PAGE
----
The ongoing battle over the issue of
corruption, between the two main political parties of the country
- the Congress, which leads the ruling coalition at the centre,
and the Bharatiya Janata Party (BJP), the main opposition party -
reminds one of this famous observation of Sun Tzu, the 6th century
Chinese military strategist, who said "strategy without tactics is
the slowest route to victory; tactics without strategy is the
noise before defeat".
The BJP is gunning for the top brass in the Congress over the
issue of corruption. At a rally in New Delhi its leaders launched
a scathing attack on Prime Minister Manmohan Singh. Earlier, along
with other political parties, it created a logjam in parliament's
winter session demanding a Joint Parliamentary Committee to probe
the 2G spectrum scam.
The strategy is clear: nail the Congress over corruption. But the
party has adopted poor tactics.
Notwithstanding the aggressive posturing by BJP leaders in its
first major rally over the issue in New Delhi, the empty stands
indicated its biggest problem - failure to mobilise masses. This a
larger problem and without resolving it the BJP cannot translate
its political aggression into mass support.
Another tactical mistake is that the BJP is making no attempt to
take forward the floor coordination among opposition parties
forged in parliament during the winter session to corner the
government over the spectrum scam. It needs to learn its lessons
from the impact of the joint opposition rallies over the Bofors
scam in the 1980s.
A major tactical error was committed by the BJP the way it handled
the Wikileaks expose which had embarrassed the Congress over "heir
apparent" Rahul Gandhi's remarks to the US ambassador regarding
Hindu elements being a greater threat to the country than Islamist
terrorism. The BJP targeted Rahul Gandhi on this issue.
As the BJP was found training its guns on him, the Congress, which
was forced to take a defensive posture on a series of corruption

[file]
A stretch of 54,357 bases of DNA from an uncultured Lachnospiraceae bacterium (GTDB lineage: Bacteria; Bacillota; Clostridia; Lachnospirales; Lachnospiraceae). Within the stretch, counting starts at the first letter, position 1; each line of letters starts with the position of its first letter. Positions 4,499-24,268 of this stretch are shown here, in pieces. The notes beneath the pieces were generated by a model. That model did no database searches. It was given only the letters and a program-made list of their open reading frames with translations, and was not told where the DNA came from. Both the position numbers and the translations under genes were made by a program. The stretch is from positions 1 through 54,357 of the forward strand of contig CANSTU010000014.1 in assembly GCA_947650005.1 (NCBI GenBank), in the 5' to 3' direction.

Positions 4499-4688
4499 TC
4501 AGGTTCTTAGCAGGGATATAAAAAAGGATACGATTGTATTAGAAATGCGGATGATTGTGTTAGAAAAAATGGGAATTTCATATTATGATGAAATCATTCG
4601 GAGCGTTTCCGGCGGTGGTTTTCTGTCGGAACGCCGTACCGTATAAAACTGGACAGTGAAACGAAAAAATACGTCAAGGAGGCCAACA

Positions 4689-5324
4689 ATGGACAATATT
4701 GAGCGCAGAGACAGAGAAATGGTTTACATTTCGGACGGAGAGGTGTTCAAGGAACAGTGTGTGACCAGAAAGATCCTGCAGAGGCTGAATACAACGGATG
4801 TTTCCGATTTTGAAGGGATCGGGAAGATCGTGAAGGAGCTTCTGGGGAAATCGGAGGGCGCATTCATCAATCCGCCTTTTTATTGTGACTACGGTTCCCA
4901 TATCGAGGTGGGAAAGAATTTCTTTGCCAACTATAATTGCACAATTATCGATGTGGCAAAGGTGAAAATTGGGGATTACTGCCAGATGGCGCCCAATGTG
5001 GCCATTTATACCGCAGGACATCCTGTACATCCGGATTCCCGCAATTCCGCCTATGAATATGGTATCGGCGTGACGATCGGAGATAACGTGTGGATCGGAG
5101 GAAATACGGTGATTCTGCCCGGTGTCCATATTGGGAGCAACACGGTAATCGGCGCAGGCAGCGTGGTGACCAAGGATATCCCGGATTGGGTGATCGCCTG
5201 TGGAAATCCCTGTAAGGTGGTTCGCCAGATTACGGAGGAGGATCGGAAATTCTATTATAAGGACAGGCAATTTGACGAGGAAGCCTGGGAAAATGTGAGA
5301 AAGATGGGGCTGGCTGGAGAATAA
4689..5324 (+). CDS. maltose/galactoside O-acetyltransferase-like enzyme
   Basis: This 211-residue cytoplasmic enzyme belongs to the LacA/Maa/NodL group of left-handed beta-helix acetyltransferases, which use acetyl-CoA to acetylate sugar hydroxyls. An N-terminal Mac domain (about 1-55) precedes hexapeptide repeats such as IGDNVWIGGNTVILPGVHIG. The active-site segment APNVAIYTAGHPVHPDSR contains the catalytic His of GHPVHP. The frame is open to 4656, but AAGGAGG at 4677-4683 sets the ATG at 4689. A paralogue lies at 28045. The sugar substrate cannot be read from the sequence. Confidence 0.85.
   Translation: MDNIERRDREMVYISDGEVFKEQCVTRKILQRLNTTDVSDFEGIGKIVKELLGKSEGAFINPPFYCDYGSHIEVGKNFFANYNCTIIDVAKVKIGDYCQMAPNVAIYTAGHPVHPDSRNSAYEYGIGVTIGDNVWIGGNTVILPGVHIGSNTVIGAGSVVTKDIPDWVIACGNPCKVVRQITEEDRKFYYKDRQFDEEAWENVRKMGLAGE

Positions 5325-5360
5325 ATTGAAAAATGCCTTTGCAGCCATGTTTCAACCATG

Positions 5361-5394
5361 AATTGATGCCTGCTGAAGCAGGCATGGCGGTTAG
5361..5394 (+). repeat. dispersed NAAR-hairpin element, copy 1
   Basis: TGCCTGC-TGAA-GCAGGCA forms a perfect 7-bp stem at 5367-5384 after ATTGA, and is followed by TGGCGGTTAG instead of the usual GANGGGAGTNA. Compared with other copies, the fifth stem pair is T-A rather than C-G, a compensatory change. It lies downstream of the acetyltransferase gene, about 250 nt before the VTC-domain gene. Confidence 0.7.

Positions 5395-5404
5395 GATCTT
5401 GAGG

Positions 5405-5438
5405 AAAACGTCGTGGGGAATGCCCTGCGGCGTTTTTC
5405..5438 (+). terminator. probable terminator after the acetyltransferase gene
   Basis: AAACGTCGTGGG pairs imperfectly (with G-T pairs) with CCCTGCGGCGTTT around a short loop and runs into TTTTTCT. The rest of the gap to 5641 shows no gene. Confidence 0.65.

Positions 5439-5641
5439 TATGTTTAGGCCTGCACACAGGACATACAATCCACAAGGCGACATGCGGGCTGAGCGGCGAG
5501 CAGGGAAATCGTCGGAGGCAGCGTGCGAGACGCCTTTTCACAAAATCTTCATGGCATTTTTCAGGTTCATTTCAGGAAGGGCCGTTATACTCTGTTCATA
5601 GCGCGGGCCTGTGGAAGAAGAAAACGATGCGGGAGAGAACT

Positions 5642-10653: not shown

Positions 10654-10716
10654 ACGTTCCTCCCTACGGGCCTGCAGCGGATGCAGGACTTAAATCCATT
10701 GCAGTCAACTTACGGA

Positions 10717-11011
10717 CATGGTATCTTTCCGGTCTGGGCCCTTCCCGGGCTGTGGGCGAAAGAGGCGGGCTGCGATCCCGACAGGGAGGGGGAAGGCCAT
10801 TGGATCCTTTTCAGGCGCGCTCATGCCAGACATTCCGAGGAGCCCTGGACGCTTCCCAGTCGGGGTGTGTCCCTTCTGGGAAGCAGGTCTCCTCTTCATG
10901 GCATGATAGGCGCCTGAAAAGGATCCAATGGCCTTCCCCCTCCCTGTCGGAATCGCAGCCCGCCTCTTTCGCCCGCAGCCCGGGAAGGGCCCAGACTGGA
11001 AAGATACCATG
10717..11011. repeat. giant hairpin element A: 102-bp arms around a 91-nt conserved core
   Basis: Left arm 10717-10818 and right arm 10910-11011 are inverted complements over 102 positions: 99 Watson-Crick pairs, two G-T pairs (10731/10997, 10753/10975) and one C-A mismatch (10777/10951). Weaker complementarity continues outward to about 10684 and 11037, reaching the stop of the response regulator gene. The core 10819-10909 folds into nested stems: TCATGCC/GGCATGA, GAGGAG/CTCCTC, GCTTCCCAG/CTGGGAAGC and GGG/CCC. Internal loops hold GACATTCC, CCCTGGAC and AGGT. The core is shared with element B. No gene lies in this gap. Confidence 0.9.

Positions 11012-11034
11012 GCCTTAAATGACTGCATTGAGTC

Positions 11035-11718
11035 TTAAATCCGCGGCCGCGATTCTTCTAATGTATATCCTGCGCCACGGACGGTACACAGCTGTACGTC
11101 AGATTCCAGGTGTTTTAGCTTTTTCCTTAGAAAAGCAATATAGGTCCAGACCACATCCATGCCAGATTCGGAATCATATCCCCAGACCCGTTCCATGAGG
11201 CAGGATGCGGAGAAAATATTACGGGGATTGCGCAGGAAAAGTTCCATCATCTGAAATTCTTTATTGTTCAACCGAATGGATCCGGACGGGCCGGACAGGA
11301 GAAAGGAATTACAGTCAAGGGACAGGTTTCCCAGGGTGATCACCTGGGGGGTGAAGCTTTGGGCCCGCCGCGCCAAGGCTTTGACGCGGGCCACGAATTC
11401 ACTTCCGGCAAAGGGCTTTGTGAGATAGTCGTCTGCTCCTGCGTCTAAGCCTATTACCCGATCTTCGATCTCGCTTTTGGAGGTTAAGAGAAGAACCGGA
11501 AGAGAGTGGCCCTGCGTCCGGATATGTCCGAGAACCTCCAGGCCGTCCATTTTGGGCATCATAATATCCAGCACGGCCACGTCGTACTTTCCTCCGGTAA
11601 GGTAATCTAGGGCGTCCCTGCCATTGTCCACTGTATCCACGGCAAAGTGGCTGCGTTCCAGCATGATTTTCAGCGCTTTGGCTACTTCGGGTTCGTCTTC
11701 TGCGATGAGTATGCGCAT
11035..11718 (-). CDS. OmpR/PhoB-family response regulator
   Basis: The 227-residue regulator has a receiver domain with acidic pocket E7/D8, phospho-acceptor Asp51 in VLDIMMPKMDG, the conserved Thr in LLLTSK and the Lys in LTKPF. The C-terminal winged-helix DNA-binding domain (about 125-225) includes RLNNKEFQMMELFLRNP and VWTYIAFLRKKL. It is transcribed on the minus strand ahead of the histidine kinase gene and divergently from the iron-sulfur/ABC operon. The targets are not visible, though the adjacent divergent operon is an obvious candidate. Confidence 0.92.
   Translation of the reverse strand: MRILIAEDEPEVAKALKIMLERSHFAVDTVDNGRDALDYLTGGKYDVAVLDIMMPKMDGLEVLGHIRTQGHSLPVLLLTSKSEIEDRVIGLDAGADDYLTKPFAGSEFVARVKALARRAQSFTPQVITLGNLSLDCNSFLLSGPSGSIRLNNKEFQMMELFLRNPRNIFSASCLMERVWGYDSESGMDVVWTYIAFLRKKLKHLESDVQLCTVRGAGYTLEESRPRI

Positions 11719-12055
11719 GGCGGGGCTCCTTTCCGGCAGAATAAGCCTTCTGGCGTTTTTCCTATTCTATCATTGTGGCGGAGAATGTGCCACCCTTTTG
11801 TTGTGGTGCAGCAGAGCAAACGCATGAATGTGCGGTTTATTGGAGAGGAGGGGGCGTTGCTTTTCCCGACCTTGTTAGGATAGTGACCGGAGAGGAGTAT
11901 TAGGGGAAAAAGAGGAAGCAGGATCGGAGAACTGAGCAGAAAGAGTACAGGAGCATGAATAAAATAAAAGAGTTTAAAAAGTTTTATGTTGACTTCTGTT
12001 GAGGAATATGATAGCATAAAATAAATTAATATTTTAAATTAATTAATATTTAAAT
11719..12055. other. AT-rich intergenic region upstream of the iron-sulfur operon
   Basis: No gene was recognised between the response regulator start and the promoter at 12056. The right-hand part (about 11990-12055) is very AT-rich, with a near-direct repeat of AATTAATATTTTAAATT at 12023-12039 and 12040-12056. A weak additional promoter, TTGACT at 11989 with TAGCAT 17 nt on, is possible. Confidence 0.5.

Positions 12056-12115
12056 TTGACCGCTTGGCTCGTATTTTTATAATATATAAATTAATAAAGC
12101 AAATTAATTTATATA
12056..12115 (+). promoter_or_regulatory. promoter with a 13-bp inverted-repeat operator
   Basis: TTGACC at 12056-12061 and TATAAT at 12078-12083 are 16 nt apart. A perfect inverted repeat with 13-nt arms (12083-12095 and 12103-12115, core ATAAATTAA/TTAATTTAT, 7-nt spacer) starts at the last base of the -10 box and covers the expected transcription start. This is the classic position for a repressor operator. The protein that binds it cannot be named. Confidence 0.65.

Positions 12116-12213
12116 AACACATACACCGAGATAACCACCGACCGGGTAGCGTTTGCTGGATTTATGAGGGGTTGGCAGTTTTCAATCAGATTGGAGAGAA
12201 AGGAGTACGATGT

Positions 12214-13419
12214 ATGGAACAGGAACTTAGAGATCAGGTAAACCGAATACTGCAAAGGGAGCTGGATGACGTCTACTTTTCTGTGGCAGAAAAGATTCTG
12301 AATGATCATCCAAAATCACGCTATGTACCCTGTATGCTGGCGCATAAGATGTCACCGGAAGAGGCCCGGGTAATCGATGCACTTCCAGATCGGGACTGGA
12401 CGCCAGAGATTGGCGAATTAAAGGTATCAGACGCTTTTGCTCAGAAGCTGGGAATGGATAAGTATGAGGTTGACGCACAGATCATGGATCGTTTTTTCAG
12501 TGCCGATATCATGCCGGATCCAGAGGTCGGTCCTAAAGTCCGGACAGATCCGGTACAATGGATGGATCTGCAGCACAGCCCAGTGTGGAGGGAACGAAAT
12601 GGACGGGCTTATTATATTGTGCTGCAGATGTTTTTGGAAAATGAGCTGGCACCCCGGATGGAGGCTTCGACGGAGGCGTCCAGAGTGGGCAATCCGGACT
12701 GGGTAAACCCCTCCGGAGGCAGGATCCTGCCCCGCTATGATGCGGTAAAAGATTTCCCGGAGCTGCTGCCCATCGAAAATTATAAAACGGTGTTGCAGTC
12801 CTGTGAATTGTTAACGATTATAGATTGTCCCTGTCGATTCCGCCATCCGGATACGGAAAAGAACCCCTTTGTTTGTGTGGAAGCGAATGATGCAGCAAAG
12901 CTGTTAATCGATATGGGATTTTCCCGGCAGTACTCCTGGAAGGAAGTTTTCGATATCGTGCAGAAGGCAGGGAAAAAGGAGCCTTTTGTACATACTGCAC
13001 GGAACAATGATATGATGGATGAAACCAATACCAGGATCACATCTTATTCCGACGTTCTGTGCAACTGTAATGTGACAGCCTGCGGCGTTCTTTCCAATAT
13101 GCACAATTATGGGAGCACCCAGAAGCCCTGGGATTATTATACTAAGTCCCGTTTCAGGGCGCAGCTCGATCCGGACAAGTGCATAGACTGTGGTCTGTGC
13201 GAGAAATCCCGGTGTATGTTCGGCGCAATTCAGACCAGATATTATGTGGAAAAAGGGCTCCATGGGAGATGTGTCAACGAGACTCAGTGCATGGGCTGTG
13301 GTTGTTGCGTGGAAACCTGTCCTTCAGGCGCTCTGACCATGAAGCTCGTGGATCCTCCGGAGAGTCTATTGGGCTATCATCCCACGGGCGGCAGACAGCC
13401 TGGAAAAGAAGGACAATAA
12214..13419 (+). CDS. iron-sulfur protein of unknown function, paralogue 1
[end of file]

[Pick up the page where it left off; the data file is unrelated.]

deals, gathered its act to back Rahul Gandhi and hit back hard. By
the time the BJP realized its mistake and started focusing back on
corruption, the Congress had launched a blitzkrieg.
So, at its three-day plenary session at Burari in Delhi, the
Congress leadership, which was not so vocal over its rejection of
a JPC probe into the 2G scam, decided to hit the BJP where it
Congress general secretary Digvijay Singh, who is known to be
close to Rahul Gandhi, raked up the demand for investigating the
role of the BJP's ideological mentor - the Rashtriya Swayamsevak
Sangh - in at least three terror incidents.
Over the next two days, Congress president Sonia Gandhi backed
Prime Minister Manmohan Singh, who was feeling the heat of
political controversy over the issue of 2G scam.
Sonia Gandhi also unveiled an agenda for "clean government",
promising strict action against the corrupt, to blunt the BJP
campaign. The Congress further sharpened its attack on the BJP,
raking up corruption charges in BJP-ruled Karnataka.
The tactics were excellent and they succeeded in rattling the BJP.
But the problem here is with the strategy.
The Congress strategy has remained confined to cornering the BJP
by launching a counter attack. But this could prove to be a
strategic blunder in the next few months.
Raking up corruption issues in Karnataka indicate a flawed
strategy. If the BJP government in Karnataka faces allegations of
corruption, that can be no reason for the Congress to justify the
corruption cases at the centre. In public perception, the less
corrupt is as guilty as the most corrupt.
The Congress is still not able to convince the common people why
it is not ready to accept a probe by the JPC if it has nothing to
hide, given the fact that the JPC would be headed by a Congress
MP. The excuses given so far would fail to cut much ice with
voters in five states that will have assembly polls over the next
The flawed Congress strategy could influence the results in the
five states. It would not be wrong to say that the Congress is yet
to formulate a strategy to redeem itself from the humiliating
defeat in Bihar.
The biggest strategic gamble taken up by the Congress is raking up
the issue of 'Hindu terrorism' and targeting the RSS over this.
The Congress leaders seem to be underestimating the strength of
this rightwing organisation, whose active membership runs into
millions with significant support from large sections of the
Many veterans in the Congress feel that this issue might not
appear to be politically explosive now but could prove to be the
double-edged sword in days to come. Then the Congress would have
no one but itself to blame if it gets hurt politically.
(Arun Anand can be contacted at email@example.com)